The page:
West risked triggering Myanmar civil war with sanctions: Russia
Russia said on Tuesday the west risked triggering civil war in Myanmar by imposing sanctions on the military junta that has seized power in a coup, but France said the EU will step up restrictions on the generals.
The Kremlin’s show of support was a boost to the junta that overthrew Aun San Suu Kyi’s elected civilian government on February 1. But it still faces a sustained campaign of pro-democracy demonstrations and civil disobedience across the country, and condemnation and more sanctions from the west.
In Myanmar’s main city Yangon on Tuesday, protesters sprayed red paint on roads, symbolising the blood shed in a crackdown by the security forces.
“The blood has not dried,” said one message in red.
About 570 people, including dozens of children, have been shot dead by troops and police in almost daily unrest since the coup, and security forces have arrested close to 3,500 people, advocacy group the Association for Political Prisoners (AAPP) said.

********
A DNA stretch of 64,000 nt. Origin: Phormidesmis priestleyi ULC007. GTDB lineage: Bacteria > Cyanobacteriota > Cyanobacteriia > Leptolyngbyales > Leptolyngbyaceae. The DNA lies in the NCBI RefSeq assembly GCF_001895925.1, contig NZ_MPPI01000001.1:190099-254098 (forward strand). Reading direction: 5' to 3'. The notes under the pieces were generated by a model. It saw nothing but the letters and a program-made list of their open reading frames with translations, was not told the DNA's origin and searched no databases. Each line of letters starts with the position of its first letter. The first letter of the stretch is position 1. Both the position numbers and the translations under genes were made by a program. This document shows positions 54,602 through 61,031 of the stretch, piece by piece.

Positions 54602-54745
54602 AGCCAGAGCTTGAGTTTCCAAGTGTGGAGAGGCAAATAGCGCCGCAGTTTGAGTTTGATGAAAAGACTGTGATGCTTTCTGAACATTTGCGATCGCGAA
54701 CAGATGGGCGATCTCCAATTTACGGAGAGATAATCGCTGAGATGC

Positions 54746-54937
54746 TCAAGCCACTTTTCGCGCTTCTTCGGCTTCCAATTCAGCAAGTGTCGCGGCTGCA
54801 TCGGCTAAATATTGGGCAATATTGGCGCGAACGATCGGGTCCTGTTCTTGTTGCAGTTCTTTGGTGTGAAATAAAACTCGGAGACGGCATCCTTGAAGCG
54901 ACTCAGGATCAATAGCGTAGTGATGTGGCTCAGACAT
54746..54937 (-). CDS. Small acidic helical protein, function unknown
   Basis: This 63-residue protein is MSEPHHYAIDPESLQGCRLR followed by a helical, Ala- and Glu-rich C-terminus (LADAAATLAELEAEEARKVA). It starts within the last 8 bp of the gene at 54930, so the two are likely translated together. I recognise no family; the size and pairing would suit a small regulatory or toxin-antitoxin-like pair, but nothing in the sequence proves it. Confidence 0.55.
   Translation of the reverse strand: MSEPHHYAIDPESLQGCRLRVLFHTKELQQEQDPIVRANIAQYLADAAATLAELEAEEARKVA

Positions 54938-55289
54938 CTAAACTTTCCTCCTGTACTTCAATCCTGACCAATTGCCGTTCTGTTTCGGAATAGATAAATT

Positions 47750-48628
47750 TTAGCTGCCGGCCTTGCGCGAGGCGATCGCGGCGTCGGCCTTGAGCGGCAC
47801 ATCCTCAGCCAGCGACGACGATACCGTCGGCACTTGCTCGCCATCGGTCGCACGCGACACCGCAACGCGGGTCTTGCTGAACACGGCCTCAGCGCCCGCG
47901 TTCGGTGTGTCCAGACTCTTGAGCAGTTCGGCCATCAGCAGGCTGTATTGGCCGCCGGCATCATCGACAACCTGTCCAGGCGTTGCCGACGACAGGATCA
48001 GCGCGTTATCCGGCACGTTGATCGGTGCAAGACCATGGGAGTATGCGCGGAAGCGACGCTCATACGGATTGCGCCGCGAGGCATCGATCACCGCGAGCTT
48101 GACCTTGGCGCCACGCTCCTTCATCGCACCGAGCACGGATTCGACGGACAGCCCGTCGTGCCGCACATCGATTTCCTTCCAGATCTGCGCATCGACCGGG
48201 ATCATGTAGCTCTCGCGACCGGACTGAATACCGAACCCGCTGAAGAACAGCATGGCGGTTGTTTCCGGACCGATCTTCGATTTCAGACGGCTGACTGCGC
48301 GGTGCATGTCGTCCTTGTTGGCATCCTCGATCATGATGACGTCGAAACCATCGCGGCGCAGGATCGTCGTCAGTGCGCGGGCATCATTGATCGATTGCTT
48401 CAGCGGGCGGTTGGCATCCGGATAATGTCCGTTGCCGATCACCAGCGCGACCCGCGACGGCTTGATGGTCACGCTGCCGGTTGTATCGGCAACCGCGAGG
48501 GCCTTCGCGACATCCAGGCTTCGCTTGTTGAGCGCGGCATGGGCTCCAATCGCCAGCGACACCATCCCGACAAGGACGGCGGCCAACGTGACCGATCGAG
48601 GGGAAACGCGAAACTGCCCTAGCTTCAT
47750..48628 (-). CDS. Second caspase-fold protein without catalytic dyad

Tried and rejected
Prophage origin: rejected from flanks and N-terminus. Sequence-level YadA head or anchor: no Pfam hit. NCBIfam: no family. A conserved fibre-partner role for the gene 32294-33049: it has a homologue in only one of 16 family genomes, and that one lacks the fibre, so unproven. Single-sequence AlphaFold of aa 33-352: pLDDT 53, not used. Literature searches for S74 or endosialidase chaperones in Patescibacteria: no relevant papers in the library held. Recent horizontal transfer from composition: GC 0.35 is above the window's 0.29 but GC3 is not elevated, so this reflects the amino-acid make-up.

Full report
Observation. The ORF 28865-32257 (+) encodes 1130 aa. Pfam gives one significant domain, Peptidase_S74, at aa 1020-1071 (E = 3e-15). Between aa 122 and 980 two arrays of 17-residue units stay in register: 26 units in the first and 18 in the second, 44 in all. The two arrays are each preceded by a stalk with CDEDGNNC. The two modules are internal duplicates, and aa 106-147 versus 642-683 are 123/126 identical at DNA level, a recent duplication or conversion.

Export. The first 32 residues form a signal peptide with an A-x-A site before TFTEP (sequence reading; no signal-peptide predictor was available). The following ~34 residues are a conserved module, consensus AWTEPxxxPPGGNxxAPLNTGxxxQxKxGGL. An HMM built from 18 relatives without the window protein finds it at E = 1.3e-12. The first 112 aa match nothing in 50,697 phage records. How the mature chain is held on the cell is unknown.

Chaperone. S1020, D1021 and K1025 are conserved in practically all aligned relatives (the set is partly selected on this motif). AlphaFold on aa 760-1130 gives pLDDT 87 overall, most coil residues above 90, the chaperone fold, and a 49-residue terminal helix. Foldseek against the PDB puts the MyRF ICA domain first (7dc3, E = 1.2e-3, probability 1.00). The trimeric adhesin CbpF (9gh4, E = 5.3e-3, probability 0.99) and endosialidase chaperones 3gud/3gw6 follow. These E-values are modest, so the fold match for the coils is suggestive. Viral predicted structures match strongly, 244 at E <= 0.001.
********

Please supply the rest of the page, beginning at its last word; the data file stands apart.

Among those detained are Suu Kyi, Myanmar’s most popular politician, and members of her National League for Democracy, which trounced military-backed candidates in a November election.
However, Russia said on Tuesday that sanctions against the authorities were futile and extremely dangerous.
“In fact, such a line contributes to pitting the sides against each other and, ultimately, pushes the people of Myanmar towards a full-scale civil conflict,” the Russian foreign ministry said, quoted by the Interfax news agency.
Russia is a major arms supplier to Myanmar and its deputy defence minister met coup leader General Min Aung Hlaing in the capital Naypyitaw last month, drawing criticism from rights activists who accused Moscow of legitimising the junta.
The EU was preparing to impose collective sanctions on the Myanmar military targeting its business interests, French foreign minister Jean-Yves Le Drian said in Paris.
“We are going to add economic sanctions at the level of the 27 (EU countries)... against the economic entities linked to the army so that they (sanctions) can be applied very quickly,” Le Drian told lawmakers.
The EU last month imposed sanctions on a number of figures linked to the coup and the subsequent repression, while the US has also taken measures against individuals and military-run businesses, which cover a wide span of Myanmar’s economic life.
A protest scheduled for Wednesday has called for the burning of Chinese-made goods. Many protesters are opposed to China, a major investor in Myanmar, because it is seen as supporting the junta.
Anger has swept Myanmar in the past two months over the coup that brought an abrupt end to a brief era of democratic and economic reform and international integration.